How is it possible to know the truth about God?

This page last updated June 28th, 2022
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Are there good reasons to believe in God? Are believers just fooling themselves, holding onto an old belief that has now been shown to be mistaken, unscientific, and impossible to be true?

Or are there good reasons to believe that have so far escaped you?

How would anyone know?

On this page I discuss how we know truth, and the questions that may help us have more confidence in our conclusions about God.

Questioning: a gateway to a new understanding

Let’s start by acknowledging that questioning is healthy. We don’t learn much if we don’t ask questions about what we don’t know, and if we don’t question what we already think we know.

Hopefully this page will help you ask better questions that will in turn lead you to better answers.

Different reasons for disbelief

There are several different reasons we may find it hard to believe in God. These different types of doubt and disbelief are felt differently and will need to be addressed differently.

Lack of evidence

We may feel that our experience and knowledge of the world doesn’t provide sufficient reason for us to think God exists. This doubt can lead us to new understandings if we investigate further. Alternatively we may feel confirmed in disbelief. This website seeks to answer many of the questions raised by doubt about the evidence for God.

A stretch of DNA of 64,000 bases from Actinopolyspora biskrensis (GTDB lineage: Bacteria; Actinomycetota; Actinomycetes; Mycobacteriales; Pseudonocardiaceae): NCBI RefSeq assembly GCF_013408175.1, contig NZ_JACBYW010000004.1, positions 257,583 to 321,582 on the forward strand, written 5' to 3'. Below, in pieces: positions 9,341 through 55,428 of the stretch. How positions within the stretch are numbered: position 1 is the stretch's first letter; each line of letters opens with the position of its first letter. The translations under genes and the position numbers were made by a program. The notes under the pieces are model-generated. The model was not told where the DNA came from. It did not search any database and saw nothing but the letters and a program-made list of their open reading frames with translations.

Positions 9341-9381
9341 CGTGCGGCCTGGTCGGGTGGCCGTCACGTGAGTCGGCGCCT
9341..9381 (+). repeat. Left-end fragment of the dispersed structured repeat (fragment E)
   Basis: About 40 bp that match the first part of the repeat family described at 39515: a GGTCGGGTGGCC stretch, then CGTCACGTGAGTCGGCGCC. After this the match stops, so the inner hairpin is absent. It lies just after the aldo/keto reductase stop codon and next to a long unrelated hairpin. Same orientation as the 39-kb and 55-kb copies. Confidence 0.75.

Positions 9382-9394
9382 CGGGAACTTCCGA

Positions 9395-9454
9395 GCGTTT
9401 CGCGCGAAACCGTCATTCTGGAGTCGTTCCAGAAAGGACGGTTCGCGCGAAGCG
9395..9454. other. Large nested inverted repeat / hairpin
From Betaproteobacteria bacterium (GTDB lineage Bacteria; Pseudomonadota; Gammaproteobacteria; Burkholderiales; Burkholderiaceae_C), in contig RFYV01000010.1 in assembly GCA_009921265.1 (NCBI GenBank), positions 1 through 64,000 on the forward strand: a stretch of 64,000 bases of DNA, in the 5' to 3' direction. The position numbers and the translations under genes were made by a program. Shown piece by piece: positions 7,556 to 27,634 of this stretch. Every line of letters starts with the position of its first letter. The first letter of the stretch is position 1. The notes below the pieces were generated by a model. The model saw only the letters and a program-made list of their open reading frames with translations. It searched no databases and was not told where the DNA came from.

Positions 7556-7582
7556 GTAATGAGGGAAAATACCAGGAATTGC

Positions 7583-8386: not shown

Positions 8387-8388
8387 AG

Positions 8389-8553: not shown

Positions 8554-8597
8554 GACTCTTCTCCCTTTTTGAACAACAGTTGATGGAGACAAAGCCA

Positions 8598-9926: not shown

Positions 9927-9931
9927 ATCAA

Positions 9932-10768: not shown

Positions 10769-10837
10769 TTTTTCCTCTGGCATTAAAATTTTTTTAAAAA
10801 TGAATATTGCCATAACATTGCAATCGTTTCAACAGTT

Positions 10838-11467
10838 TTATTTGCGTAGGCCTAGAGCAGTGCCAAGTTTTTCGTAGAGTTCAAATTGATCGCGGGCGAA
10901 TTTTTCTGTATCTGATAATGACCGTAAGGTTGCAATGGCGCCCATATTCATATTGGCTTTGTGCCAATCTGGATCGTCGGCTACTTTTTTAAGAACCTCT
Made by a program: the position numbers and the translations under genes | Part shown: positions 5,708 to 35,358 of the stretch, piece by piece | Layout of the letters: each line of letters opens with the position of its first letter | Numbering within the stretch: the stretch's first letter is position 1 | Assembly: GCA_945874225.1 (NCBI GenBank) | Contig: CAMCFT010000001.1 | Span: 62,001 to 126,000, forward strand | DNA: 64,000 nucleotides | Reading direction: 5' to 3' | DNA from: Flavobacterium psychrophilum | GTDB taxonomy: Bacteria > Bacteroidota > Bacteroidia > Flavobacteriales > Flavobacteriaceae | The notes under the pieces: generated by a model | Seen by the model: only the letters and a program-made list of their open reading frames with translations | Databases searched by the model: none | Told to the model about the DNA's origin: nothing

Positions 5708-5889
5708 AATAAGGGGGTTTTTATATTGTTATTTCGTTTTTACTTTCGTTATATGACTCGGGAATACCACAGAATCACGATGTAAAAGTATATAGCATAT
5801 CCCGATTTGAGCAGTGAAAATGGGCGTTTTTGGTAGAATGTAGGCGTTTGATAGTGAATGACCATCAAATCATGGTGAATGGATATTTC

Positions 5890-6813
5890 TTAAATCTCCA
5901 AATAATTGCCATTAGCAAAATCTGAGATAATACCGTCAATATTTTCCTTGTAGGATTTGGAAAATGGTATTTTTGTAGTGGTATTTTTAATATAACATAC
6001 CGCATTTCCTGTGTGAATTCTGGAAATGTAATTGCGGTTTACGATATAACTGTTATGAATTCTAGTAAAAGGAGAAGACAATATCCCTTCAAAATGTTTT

Religious doubt

We may doubt some or all of the teachings of the religion we were brought up in. This can be a disorienting experience that may lead us to doubt God’s existence and our religion. But it may also lead to a review or deconstruction of our faith, and then reconstruction on a firmer base. You can read more about faith deconstruction on the Way? website.

Personal doubt

Several types of personal experience may lead to doubt – disappointing experiences of God (e.g. unanswered prayer), disappointment in our own failure to live up to our beliefs, or hurtful or harmful experiences of christians, especially christian leaders. These experiences generally require personal support rather than answers, but there will likely come a time when we want to think about answers.

A good way to question

There is more than one way to question what we currently believe.

Don’t be determined to keep believing the same.